Don’t keep rape a secret

Joey Garcia

On the last day before Christmas break at my high school, a friend asked if she could talk to me. She has been acting really strange at school, sort of distant and crying a lot. I thought it was because her parents are getting a divorce and fighting a lot, but she told me that she had been raped at a party. She made me promise not to tell anyone, but should I? She refuses to tell her parents or anyone else. I tried to get her to talk to my parents (she really likes them and they like her), but she said she was embarrassed because she was drunk when it happened. I know the guy who did it. He acts like he really likes a girl when he sees her at the mall or at a party and then totally ignores her at school. I believe my friend. What should I do?

You should feel blessed that you are the kind of person that your friend can trust, especially in the midst of her suffering. Of course, with trust comes responsibility. When you have been invested with someone’s story of suffering, often the best action you can take is to simply listen and believe that they are capable of working the dilemma out on their own. But when the suffering is the result of a crime, further action is required because crime affects more than an individual; it stains the safety of an entire community. I think that you have a sense of this greater responsibility and that your struggle over what to do in this situation stems from this understanding.

Your friend’s shame may signal her realization that she, too, committed a crime by choosing to drink illegally and to excess, but that does not excuse what this young man did to her. I suggest that you tell her she deserves help in this situation; more help than you can give. Assure her that you are available to listen and support her, but that, as her friend, you also have concerns for her long-term welfare (she needs counseling), and for the safety of other young women in the community (they’re at risk). Offer to accompany her to tell her parents, law enforcement and school officials what happened. If she still refuses to talk to law enforcement about what happened, prayerfully consider stepping in. First, tell your own parents and then go with them to notify law enforcement and school officials.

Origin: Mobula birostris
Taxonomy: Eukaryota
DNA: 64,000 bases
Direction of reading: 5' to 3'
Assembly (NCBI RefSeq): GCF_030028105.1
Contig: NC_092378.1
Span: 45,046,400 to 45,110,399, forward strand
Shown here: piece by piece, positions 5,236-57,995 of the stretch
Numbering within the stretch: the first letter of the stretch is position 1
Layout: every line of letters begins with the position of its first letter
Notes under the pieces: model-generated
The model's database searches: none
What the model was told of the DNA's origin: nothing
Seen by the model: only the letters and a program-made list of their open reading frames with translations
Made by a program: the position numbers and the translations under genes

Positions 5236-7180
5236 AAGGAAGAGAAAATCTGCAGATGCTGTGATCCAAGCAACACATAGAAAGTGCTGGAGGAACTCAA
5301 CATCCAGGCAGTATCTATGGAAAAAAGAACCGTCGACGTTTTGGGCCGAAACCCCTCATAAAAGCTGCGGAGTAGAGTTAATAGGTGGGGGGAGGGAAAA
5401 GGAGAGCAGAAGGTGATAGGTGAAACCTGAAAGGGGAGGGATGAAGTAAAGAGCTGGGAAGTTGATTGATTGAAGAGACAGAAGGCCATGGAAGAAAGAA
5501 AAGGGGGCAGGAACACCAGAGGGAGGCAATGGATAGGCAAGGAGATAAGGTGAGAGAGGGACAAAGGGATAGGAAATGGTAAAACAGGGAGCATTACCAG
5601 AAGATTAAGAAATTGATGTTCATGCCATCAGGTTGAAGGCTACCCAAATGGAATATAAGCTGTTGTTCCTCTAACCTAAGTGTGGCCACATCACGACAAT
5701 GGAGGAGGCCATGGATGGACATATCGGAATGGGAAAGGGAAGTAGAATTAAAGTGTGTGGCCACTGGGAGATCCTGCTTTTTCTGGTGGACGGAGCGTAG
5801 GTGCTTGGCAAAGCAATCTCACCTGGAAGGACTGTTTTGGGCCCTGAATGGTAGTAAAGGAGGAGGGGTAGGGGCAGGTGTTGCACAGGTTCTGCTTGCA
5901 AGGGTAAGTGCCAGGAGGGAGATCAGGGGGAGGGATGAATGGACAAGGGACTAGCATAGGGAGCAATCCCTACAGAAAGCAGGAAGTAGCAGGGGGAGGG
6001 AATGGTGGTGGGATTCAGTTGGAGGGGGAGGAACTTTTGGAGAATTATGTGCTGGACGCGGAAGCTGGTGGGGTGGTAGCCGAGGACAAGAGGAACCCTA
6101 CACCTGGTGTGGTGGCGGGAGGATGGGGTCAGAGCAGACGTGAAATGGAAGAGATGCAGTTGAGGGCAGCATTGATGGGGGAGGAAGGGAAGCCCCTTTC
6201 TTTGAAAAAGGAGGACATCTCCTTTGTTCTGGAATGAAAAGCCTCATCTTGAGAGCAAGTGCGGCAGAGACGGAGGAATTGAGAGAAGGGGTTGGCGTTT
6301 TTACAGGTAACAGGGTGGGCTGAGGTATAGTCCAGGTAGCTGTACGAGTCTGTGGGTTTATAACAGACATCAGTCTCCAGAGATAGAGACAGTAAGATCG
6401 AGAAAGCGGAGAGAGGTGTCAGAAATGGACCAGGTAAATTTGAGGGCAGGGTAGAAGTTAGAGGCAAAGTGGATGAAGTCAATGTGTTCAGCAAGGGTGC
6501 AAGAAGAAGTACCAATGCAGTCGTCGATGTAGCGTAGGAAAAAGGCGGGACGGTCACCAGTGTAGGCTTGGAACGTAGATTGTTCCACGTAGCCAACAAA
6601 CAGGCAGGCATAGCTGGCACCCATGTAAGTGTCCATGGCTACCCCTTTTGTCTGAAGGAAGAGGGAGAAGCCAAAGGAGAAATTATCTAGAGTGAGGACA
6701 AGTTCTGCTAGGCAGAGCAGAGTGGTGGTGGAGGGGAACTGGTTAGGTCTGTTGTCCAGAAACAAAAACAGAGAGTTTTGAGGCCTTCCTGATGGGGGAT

I am 63 years old. Since my divorce 12 years ago, I have been getting acquainted with myself and not depending on a man to take care of me. Now I am sick of being alone. After years and years of not meeting any men, I stopped seeing one fellow after three dates because I realized that I did not want to spend even ten minutes with him. It felt like a fast track to really knowing what I want. But I’m still lonely and my adult children have busy lives, so I’m not filling my empty space very well. Any ideas?

It’s great that you believe that you know what you want, but as you continue to deepen your self-knowledge, remember that what you want may change. So don’t give up on finding a life partner, but in the meantime, focus on friendships with men. You might have one male buddy that you do volunteer work with, another for theater-going and one you can only stand for about ten minutes (but what an intense ten!). As you get comfy with male company, you may discover it’s easier to meet men because the desperation of “I never meet any men” dissipates, releasing a cloud of potent pheromones.

Meditation of the week
“To be a consumer is the most primitive level of being. It is to be a mouth, an eater, a devourer of things. To discover the truth of who we are, we must discard the consumer mentality and reclaim our spiritual dignity,” says David Frawley. Are you ready to move up the evolutionary ladder?

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